Advertisement
YOU ARE HERE: LAT HomeCollections

Box Office Champs, Chumps : The hero of the bottom line was the 46-year-old 'Bambi'

January 08, 1989|LEONARD KLADY

What is was the most successful film of 1988?

"Three Men and a Baby"? "Nightmare on Elm Street IV"? "Bambi"?

You would think "Three Men and a Baby" (from Touchstone, the Disney subsidiary) was the highest-grossing film in domestic release, more than $167 million.

But how about the re-re-re-release of "Bambi," Disney's 46-year-old animated deer tale? It could easily claim the title, based on its gross of $38 million.

"Bambi" involved no production cost to Disney. Back in 1942, the then-princely sum of $2 million was spent on the film--but that's been written off long ago and the ledger books closed. So, when you place its production cost ($0.00) beside its '88 grosses, "Bambi's" ratio for success is frighteningly incalculable.

"Three Men," at a cost of roughly $15 million, works out better than 11-to-1 to the good.

While domestic box-office performance in the age of videocassettes, cable and foreign exhibition is no longer the determining factor for success, it remains a strong indication of profit potential. Certainly, placing production costs against box-office gross provides a more apt reflection of profitability than literal box-office gross.

It used to be an industry rule of thumb that a film needed to gross three times its cost to turn a profit.

Today, no such simple guideline exists. What is undeniable is that very few films are profitable based solely upon what they do at North American movie theaters. Such factors as foreign box office and videocassette sales--unknown or "gravy" items a decade ago--are now the primary forces behind many productions. The brutal fact is that this year fewer than 30 movies will return a profit based upon their domestic box office.

That's 30 among the roughly 120 films released by the majors and several hundred others from independents.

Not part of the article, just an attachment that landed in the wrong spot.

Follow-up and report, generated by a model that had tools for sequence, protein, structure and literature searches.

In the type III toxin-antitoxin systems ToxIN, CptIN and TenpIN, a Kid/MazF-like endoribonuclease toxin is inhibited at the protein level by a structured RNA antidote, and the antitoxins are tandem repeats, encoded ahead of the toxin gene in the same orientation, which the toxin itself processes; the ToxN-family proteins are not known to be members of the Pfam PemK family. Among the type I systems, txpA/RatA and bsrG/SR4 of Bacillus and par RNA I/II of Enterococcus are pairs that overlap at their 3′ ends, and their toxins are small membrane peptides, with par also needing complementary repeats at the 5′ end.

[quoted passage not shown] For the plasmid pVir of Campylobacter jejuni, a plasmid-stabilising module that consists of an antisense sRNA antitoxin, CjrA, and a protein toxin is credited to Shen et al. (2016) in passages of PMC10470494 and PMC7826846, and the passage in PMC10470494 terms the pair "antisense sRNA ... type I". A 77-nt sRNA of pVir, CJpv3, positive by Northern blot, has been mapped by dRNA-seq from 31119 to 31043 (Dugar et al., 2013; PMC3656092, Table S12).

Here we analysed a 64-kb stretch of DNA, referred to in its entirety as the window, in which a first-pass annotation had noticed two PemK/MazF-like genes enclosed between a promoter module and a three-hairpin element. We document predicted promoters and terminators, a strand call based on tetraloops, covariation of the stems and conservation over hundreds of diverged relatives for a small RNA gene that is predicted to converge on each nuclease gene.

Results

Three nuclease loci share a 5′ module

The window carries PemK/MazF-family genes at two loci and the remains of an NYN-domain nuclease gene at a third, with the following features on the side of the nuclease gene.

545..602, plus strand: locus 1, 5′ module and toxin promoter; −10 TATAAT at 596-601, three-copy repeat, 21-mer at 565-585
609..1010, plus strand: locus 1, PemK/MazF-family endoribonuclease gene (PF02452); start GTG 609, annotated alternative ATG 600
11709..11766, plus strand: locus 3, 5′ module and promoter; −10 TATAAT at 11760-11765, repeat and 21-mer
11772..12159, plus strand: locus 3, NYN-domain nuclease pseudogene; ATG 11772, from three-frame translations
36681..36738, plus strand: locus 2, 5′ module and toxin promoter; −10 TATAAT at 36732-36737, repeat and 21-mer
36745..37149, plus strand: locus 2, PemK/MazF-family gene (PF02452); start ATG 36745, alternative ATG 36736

Industry analyst Art Murphy claims that the closest approximation he's willing to make on a film's profitability is to look at North American rentals (the amount returned to the studio after the exhibitor's share) and compare it to the production budget, plus print and ad costs. All things being equal, Murphy claims that if a film can return 40% of costs from domestic theatrical revenue, it's got a good shot at ultimately showing a profit.

When considering the worst performers among 1988, there are a few caveats to note. Several entries--"Distant Thunder," "The House on Carroll Street," "Little Nikita," "A Time of Destiny," "The Deceivers," "And God Created Woman" and "Sweet Hearts Dance"--were not nationally released, thereby boosting their negative potential.

Furthermore, when you consider that it can average between $5 million-$7 million just for prints and ads to open a film across the country, all films which grossed less than that amount deserve special recognition. And that's gross box office, not what's returned to the distributor, which oftens runs a little bit better than 40%.

Or, to take a dark overview, nationally released films have to earn in excess of $15 million just to cover the cost of telling an audience a film exists and to physically have something to show them.

In addition to the major product, there's the "specialized" market which, though smaller than 5% of the national film-going diet, deserves unique mention. 1988 may well be the most lackluster year for alternative and foreign-language films in a decade. Despite the fact that a handful of films performed well, it was a case of great success for the exceptional and oblivion for the overwhelming majority.

All this is, of course, leading to the big picture--an assessment of the relative health of the leading production-distribution companies. The formula is an inversion of ice-skating scoring. Rather than throw out the top and bottom scores, you retain them. So, in this instance, one takes all entries from a company that appear in the top 20, bottom 20 and top 10 specialized list.

For example, Disney had six entries in the top 20 and two in the cellar. First, one totals the revenue from the eight entries, which comes to $592.4 million. Next one divides by the production costs of $128 million and arrives at a quotient of 4.63--a positive healthy figure but not quite 1988's best. Here's how they rate this year:

1. New Line Cinema (2 entries), 6.58 2. Paramount Pictures (5), 4.98 3. MGM (3), 4.78 4. Walt Disney (8), 4.63 5. 20th Century-Fox (3), 3.98 6. Orion Pictures (including Classics) (8), 3.71 7. Warner Bros. (4), 2.79 8. Cannon Entertainment (2), 1.52 9. Universal Films (2), 1.37 10. Tri-Star Pictures (4), .40 11. Columbia Pictures (3), .39 12. Vestron Films (2), .21

United Artists, with no entries on the three charts receives an honorary .007 in 1988 and we're confident with the release of the next James Bond, its quotient will increase next year.

BEST BOX OFFICE IN 1988

Advertisement
Los Angeles Times Articles
|
|
|